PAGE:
Lawmakers in Switzerland are investigating the option of issuing a state-backed “e-franc” cryptocurrency. The government has asked for a report into the pros and cons of such a move, with the lower house of the Swiss legislature now tasked with approving or denying that request.
The report was suggested by vice president of the Social Democratic Party Cedric Wermuth who was then backed up by the Federal Council. However, the Swiss government recognises “major challenges” to any potential e-franc, “both legal and monetary”, and asks that the report “examine the risks and opportunities of an e-franc and to clarify the legal, economic and financial aspects.”
The ever declining use of cash, the increasing digitisation of the economy and the high profile of cryptocurrencies like Bitcoin have resulted in governments worldwide showing an increasing interest in national digital currencies. There have long been rumours that China and Russia were investigating the option, while Sweden’s Riksbank has been open about its enthusiasm for an “e-krona”.
In fact, interest is so great that the Bank of International Settlement (BIS), a Switzerland-based institution owned by owned by 60 central banks, issued a report in March warning central governments to carefully consider the risks before proceeding with any national digital currency. Chief among its concerns is the possibility of financial destabilisation as capital rushes towards central bank digital assets in “digital runs” away from the existing financial system.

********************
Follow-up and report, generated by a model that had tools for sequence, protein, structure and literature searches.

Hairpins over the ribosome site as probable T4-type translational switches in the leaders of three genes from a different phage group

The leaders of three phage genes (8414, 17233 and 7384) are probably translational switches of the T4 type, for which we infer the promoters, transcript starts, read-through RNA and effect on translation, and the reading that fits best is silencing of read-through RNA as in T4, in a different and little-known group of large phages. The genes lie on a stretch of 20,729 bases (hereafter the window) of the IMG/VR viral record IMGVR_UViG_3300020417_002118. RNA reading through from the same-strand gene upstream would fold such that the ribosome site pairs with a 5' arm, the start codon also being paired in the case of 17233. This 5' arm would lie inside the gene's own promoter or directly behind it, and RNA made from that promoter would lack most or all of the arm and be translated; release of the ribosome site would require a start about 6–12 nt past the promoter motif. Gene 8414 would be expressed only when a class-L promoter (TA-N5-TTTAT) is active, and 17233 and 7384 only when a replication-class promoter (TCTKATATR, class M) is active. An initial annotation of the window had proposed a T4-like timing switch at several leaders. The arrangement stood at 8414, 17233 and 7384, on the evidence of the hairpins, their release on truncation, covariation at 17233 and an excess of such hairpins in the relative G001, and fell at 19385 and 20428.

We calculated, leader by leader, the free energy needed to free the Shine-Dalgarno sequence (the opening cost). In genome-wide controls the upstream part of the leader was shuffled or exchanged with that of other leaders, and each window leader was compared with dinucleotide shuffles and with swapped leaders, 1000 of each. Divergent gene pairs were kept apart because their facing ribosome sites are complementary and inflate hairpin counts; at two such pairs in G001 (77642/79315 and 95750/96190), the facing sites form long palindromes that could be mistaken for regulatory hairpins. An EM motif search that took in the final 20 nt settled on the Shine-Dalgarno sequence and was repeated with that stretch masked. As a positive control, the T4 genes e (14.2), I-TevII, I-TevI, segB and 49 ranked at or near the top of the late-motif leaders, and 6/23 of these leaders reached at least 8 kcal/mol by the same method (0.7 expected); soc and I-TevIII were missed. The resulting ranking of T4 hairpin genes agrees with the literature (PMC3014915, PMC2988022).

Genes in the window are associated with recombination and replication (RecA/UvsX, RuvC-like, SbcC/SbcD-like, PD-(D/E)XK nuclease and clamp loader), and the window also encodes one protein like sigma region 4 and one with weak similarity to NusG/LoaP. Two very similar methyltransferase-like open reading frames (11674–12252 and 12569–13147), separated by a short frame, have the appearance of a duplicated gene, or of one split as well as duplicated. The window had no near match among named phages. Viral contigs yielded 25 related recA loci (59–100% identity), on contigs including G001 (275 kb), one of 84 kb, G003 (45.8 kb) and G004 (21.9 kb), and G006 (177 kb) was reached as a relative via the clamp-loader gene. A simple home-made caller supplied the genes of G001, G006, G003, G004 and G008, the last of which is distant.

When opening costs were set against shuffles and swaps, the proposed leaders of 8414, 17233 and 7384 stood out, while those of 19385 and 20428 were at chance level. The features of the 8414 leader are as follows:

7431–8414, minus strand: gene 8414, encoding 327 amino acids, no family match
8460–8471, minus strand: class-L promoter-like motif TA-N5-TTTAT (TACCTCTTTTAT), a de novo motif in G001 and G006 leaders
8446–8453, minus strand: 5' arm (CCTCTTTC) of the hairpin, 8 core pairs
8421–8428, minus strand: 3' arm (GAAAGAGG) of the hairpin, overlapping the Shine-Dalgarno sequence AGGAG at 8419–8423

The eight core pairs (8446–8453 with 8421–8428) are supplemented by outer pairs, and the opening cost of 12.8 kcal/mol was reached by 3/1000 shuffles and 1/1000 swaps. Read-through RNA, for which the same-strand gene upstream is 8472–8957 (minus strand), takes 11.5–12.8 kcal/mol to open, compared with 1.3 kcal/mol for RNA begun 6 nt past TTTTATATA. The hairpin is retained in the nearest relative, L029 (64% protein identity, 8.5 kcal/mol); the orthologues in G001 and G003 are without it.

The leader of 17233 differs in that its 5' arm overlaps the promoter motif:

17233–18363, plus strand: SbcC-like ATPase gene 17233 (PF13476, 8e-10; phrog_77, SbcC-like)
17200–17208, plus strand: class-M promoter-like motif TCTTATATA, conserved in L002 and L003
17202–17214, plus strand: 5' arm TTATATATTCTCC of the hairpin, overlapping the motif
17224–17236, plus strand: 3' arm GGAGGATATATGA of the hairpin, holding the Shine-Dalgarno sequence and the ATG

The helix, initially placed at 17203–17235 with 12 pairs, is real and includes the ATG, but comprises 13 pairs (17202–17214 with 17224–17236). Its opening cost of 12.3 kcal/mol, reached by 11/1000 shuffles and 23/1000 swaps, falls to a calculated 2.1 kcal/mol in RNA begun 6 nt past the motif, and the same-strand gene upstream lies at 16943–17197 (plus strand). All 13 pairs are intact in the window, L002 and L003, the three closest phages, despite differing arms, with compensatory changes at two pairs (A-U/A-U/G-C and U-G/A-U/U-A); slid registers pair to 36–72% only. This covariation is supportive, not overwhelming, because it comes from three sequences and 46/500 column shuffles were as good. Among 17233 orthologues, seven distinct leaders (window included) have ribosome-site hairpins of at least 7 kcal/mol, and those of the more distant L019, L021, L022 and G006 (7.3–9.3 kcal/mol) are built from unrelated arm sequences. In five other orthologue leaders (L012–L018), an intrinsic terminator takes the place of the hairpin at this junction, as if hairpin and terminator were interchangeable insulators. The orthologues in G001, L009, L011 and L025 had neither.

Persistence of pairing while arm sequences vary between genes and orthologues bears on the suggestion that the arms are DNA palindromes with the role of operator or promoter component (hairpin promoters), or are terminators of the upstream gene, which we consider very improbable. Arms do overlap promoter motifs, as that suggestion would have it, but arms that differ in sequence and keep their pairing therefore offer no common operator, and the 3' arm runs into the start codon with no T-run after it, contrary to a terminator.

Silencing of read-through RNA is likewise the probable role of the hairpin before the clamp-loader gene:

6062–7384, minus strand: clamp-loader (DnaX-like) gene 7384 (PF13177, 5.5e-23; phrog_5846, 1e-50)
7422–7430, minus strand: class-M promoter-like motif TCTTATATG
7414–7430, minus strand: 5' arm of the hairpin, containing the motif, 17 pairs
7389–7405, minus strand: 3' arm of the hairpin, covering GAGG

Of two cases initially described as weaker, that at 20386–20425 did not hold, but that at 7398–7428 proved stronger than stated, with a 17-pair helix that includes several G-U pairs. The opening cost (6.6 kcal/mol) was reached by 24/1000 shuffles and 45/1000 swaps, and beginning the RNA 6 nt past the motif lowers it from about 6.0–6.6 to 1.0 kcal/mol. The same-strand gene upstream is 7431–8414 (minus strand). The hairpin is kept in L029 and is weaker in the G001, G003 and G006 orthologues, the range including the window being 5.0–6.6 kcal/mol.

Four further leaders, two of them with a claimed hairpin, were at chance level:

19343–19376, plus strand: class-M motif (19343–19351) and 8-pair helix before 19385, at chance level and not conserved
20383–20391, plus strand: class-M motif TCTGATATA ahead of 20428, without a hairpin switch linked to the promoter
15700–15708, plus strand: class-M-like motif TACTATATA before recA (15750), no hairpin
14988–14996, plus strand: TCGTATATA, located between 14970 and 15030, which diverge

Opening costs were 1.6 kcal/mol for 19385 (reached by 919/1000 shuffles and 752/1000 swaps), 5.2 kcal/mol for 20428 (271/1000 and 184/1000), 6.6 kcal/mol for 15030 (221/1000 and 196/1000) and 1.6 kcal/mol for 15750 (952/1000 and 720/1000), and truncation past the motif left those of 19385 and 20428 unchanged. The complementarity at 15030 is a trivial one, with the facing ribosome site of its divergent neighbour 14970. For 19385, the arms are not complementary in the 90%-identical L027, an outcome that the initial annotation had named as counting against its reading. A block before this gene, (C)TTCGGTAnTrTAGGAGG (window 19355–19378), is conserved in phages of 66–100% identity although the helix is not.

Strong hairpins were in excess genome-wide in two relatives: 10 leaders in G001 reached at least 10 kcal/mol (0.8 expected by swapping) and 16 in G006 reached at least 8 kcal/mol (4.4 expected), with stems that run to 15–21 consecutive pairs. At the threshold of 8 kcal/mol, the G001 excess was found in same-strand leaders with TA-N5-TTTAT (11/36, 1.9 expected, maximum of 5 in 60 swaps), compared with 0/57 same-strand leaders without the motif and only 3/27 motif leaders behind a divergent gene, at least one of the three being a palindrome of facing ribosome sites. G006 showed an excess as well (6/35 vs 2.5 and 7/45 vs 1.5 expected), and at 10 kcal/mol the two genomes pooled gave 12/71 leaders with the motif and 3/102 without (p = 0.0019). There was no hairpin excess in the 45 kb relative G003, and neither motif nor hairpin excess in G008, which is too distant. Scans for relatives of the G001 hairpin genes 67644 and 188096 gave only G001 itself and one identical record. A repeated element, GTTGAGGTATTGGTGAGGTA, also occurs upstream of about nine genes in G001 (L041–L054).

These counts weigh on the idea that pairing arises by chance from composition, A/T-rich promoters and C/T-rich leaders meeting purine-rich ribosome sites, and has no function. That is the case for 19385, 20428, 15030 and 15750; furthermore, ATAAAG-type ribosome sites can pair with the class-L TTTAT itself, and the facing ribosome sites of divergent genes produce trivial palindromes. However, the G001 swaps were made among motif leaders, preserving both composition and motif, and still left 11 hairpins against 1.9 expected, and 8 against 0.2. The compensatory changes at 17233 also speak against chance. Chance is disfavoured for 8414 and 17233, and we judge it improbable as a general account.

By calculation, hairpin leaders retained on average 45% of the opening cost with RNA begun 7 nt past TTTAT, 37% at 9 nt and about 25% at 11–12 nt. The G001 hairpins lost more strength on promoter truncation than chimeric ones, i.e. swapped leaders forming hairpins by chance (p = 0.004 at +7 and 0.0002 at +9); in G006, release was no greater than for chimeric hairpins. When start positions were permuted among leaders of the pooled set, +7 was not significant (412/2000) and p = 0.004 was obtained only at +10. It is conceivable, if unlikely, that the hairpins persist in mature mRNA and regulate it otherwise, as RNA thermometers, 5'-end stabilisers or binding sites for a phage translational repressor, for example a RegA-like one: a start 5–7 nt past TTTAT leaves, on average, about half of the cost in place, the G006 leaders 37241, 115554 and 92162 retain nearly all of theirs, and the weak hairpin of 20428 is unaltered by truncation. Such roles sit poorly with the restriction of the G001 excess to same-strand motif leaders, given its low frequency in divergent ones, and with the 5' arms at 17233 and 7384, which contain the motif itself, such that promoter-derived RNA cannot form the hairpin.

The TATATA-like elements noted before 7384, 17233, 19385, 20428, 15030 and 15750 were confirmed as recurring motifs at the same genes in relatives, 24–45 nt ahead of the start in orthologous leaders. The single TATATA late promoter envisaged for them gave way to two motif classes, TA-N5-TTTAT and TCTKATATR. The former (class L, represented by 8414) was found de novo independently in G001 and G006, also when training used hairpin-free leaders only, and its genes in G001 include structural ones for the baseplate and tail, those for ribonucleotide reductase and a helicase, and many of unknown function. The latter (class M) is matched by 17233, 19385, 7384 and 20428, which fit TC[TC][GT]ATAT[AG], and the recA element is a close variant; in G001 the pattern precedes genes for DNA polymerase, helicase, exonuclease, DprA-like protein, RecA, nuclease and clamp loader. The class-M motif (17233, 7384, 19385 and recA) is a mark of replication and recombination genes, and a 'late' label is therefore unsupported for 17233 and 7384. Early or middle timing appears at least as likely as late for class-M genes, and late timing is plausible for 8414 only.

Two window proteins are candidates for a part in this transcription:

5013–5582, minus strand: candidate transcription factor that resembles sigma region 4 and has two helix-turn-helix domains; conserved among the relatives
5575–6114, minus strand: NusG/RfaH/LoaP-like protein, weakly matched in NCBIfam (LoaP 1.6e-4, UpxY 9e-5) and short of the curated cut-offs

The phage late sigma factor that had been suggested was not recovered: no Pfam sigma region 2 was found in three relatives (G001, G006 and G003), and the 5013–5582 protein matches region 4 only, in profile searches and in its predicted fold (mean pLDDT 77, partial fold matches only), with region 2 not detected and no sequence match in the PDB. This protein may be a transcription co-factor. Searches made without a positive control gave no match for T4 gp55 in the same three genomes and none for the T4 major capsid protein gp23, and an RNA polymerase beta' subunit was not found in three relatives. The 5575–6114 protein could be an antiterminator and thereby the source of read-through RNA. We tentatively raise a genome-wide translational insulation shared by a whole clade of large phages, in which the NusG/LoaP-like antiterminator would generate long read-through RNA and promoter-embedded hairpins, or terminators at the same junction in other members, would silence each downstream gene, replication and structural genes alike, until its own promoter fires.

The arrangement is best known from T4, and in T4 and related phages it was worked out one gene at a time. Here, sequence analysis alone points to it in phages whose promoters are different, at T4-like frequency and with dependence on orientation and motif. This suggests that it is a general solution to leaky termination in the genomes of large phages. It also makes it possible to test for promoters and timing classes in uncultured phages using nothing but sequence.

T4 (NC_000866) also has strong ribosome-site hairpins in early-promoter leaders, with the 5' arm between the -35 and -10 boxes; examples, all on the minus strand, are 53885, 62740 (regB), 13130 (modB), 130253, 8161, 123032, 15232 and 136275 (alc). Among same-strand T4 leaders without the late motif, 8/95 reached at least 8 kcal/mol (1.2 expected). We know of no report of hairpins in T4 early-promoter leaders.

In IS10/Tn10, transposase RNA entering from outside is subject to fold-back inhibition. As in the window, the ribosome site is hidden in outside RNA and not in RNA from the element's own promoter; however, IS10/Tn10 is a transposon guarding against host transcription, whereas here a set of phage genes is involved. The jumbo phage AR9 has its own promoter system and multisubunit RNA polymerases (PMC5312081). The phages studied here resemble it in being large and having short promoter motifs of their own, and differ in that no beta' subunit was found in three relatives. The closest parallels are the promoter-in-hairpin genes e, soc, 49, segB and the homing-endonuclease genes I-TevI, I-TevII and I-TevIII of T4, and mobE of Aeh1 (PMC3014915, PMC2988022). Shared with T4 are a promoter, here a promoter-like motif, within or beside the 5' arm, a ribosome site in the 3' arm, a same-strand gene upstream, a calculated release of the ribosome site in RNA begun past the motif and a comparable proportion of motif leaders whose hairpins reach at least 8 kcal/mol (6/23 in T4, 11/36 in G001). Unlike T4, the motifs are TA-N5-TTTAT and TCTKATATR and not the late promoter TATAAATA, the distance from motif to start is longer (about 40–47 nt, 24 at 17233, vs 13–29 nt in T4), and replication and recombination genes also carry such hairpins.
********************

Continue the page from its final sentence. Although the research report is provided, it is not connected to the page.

Switzerland has developed a reputation for its friendliness to cryptocurrencies and blockchain technology, and its more hands-off approach to regulation has made it a favoured destination for ICOs. In fact, so many have set up in the Zug municipality that it has earned the nickname “crypto valley”.
However, the Swiss attitude has so far been about encouraging private sector development rather than absorbing the technology into government. Considering a potential state cryptocurrency, Andrea Maechler of the Swiss National Bank said last month that “it would deliver scarcely any advantages, but would give rise to incalculable risks with regard to financial stability.”
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